José Maria de Eça de Queiros
From Afghanistan and Ireland (1880)
Translated by Ann Stevens
In their troubled Indian Empire the English are attempting to discover whether there is any truth in the eighteenth-century witticism that ‘History is like an old woman who keeps on repeating herself.’
Fate, or Providence, or whatever Being it is up there that directed the events of the Afghan campaign in 1847, is simply making a slavish copy now, thus apparently showing an exhausted imagination.
In 1847 the English, ‘for a reason of State, a need for scientific frontiers, the security of the Empire, a barrier to the Russian domination of Asia…’ and other vague things that the politicians concerned with India solemnly mutter as they twist their mustaches – invaded Afghanistan, and proceeded to annihilate ancient tribes, destroy towns, lay waste cornfields and vineyards; finally they took possession of the holy city of Kabul: they turned out a terrified old Emir from the seraglio and installed another of a more submissive race, whom they had brought with them ready in their baggage, along with some slave-girls and carpets; and as soon as the newspaper correspondents cabled the victory, the army camped beside the streams and in the gardens of Kabul, undid their belts and smoked the pipe of peace…And that is exactly what is happening in 1880.
At the moment, precisely as in 1847, energetic leaders, native Messiahs, are travelling through this territory and with fine words like Homeland and Religion, are inciting their brethren to a holy war: the tribes are assembling, feudal families hasten to offer their mounted troops, rival princes join forces in their hereditary hatred for the foreigner, and in a short time all will be a-glimmer with the lights of encampments on the hill-tops overlooking the narrow paths which form the route to India….And when the bulk of the English army appears on the approaches to Kabul, with a mass of artillery, and makes its hurried way through narrow passes in the mountains or along the dry river beds, with its long caravans of camels, the savage horde falls upon them and annihilates them.
So it was in 1847 and so it is again in 1880. The disbanded remains of the army then seek refuge in one of the frontier cities, which might be Ghazni or Kandahar; the Afghans rush in pursuit, and set siege to them, a slow siege, an Oriental, leisurely siege: the besieged general, who in these Asiatic wars can always communicate with the outside world, cables to the Viceroy of India, indignantly demanding reinforcements, sugar and tea! (This is literally true: it was General Roberts who made this gluttonous appeal a few days ago; the Englishman without his tea fights only half-heartedly.) Then the Indian government spends millions of pounds like water and hastily sends off enormous parcels of restorative tea and white mountains of sugar and ten or fifteen thousand men. Enormous black war-transports leave England, like great steam-powered Noah’s arks, carrying camping equipment, numerous horses, parks of artillery, a complete, awesome invading force. So it was in 1847, and so it is in 1880.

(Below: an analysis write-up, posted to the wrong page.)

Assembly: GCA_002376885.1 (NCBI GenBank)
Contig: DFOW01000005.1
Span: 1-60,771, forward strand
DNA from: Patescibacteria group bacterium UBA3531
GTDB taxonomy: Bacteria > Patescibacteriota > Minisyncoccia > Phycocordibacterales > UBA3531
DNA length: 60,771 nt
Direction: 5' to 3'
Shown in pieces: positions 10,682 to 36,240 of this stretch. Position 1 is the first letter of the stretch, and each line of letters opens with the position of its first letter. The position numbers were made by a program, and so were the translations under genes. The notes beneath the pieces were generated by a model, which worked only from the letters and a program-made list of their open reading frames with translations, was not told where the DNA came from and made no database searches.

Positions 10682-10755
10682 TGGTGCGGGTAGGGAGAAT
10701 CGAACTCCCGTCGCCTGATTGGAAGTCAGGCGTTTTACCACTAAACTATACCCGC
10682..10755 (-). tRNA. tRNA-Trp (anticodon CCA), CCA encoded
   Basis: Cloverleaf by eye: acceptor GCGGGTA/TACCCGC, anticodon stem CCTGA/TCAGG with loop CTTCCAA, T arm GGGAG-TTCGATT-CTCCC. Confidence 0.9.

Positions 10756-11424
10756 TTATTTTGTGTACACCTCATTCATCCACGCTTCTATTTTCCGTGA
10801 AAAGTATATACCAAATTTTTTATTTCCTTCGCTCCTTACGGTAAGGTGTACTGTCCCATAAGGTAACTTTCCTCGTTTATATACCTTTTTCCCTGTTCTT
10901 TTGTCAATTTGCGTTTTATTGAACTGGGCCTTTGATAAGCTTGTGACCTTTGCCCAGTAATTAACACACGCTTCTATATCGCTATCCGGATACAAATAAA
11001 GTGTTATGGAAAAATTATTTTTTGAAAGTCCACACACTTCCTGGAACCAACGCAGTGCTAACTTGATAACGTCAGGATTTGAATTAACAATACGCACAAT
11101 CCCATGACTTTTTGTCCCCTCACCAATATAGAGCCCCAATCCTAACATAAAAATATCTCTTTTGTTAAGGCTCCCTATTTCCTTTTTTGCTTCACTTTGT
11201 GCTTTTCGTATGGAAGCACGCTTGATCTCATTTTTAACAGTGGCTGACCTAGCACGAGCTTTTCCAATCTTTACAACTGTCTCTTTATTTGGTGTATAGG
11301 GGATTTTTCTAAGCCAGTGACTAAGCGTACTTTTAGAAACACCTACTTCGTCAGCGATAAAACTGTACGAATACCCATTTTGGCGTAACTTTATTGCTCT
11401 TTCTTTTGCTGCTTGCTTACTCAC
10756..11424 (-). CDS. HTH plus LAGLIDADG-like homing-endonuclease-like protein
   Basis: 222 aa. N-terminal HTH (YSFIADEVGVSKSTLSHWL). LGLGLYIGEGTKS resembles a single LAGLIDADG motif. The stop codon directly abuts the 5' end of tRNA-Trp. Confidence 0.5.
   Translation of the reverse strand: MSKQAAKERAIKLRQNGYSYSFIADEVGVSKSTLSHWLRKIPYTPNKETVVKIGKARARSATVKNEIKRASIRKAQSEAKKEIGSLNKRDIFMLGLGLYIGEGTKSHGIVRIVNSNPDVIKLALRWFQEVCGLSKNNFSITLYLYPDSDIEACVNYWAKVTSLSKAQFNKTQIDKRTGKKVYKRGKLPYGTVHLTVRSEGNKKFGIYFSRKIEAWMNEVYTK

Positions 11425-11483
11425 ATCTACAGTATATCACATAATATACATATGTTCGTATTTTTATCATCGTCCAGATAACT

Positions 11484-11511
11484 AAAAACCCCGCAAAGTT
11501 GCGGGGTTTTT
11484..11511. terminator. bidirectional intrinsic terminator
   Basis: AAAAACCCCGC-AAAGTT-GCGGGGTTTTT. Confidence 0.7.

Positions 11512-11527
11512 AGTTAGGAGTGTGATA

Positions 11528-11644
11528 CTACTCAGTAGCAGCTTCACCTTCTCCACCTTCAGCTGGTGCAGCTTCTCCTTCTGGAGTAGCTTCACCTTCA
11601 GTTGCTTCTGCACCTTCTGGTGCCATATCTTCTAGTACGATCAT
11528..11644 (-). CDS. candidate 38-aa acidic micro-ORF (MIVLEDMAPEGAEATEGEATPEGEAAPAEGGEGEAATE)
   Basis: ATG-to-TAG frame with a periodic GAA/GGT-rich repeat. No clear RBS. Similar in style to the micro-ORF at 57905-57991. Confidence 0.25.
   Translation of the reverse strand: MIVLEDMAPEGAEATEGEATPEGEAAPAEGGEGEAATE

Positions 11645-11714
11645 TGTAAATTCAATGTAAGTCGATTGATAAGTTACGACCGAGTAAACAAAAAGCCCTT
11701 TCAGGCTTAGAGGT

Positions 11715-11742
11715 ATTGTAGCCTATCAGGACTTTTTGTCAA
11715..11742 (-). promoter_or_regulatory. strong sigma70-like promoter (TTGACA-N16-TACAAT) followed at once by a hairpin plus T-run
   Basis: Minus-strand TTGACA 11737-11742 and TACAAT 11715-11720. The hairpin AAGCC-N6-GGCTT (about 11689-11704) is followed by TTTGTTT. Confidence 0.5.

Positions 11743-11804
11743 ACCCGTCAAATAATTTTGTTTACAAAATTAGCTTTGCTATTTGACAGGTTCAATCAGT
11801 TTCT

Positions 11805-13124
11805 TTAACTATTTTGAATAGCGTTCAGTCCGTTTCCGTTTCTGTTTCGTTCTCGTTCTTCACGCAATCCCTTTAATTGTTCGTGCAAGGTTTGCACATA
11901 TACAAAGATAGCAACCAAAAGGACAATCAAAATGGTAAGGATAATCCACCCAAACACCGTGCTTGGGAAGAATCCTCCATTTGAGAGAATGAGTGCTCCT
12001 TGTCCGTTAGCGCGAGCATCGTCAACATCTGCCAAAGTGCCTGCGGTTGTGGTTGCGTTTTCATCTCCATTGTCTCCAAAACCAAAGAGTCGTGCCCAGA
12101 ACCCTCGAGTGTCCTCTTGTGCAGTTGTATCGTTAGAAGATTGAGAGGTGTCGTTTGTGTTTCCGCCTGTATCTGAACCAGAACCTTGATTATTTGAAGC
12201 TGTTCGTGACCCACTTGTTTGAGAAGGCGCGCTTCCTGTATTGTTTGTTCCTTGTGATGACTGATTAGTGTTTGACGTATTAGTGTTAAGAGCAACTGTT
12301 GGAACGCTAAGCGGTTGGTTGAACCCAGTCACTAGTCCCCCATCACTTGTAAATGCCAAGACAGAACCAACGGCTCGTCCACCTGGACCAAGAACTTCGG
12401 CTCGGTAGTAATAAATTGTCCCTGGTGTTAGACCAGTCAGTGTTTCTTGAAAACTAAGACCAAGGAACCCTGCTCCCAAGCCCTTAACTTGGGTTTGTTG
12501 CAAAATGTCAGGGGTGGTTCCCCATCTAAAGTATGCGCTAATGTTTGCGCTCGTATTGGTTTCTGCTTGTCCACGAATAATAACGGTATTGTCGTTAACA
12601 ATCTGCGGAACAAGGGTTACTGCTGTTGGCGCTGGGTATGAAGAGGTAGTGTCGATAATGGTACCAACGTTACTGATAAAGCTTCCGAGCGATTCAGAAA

This host disembarks in Hindustan, joins up with other columns of Indian troops, and is led day and night to the frontier in express trains at a speed of 40 miles an hour; then an exhausting march begins with fifty thousand pack-camels, telegraphists, hydraulic machines, and an eloquent company of newspaper men. One morning Kandahar of Ghazni is sighted; and in a flash the poor Afghan army is wiped out, dispersed in the dust of the plain, with its melodramatic scimitars and its venerable culverins of the same model that fired in former days at Diu. Ghazni is liberated! Kandahar is liberated! Hurrah! Immediately a patriotic song is made of this, and the exploit is popularized all over England by an engraving where the liberating general and the besieged general can be seen passionately shaking hands in the foreground, amid rearing horses and grenadiers as handsome as Apollo who are nobly breathing their last! So it was in 1847, so it must be in 1880.
In the meantime, on hill-tops and narrow paths, thousands of men who either defended their homeland or died for the sake of the scientific frontier, lie there, food for the crows – which is not, in Afghanistan, a respectable rhetorical image: there it is the crows which clean up the streets in the cities, eating the filth, and on the battlefield purify the air by devouring the remains of the defeated.
And what is eventually left after so much blood and agony and mourning? A patriotic song, an idiotic engraving in a few dining rooms, later on a line of prose in a page of some chronicle…
A consoling philosophy of wars!
In the meantime England enjoys the prestige of ‘the great victory of Afghanistan’ for a short while – certain of having to begin once more in ten or fifteen years, because they can neither conquer and annex a vast kingdom, as large as France, nor allow the existence of a few million hostile fanatics at their side. Their policy, therefore, is to weaken them periodically with a devastating invasion: such violence is required of a great Empire. Far better to possess only a little garden with a cow for milk and a couple of lettuces for summer snacks…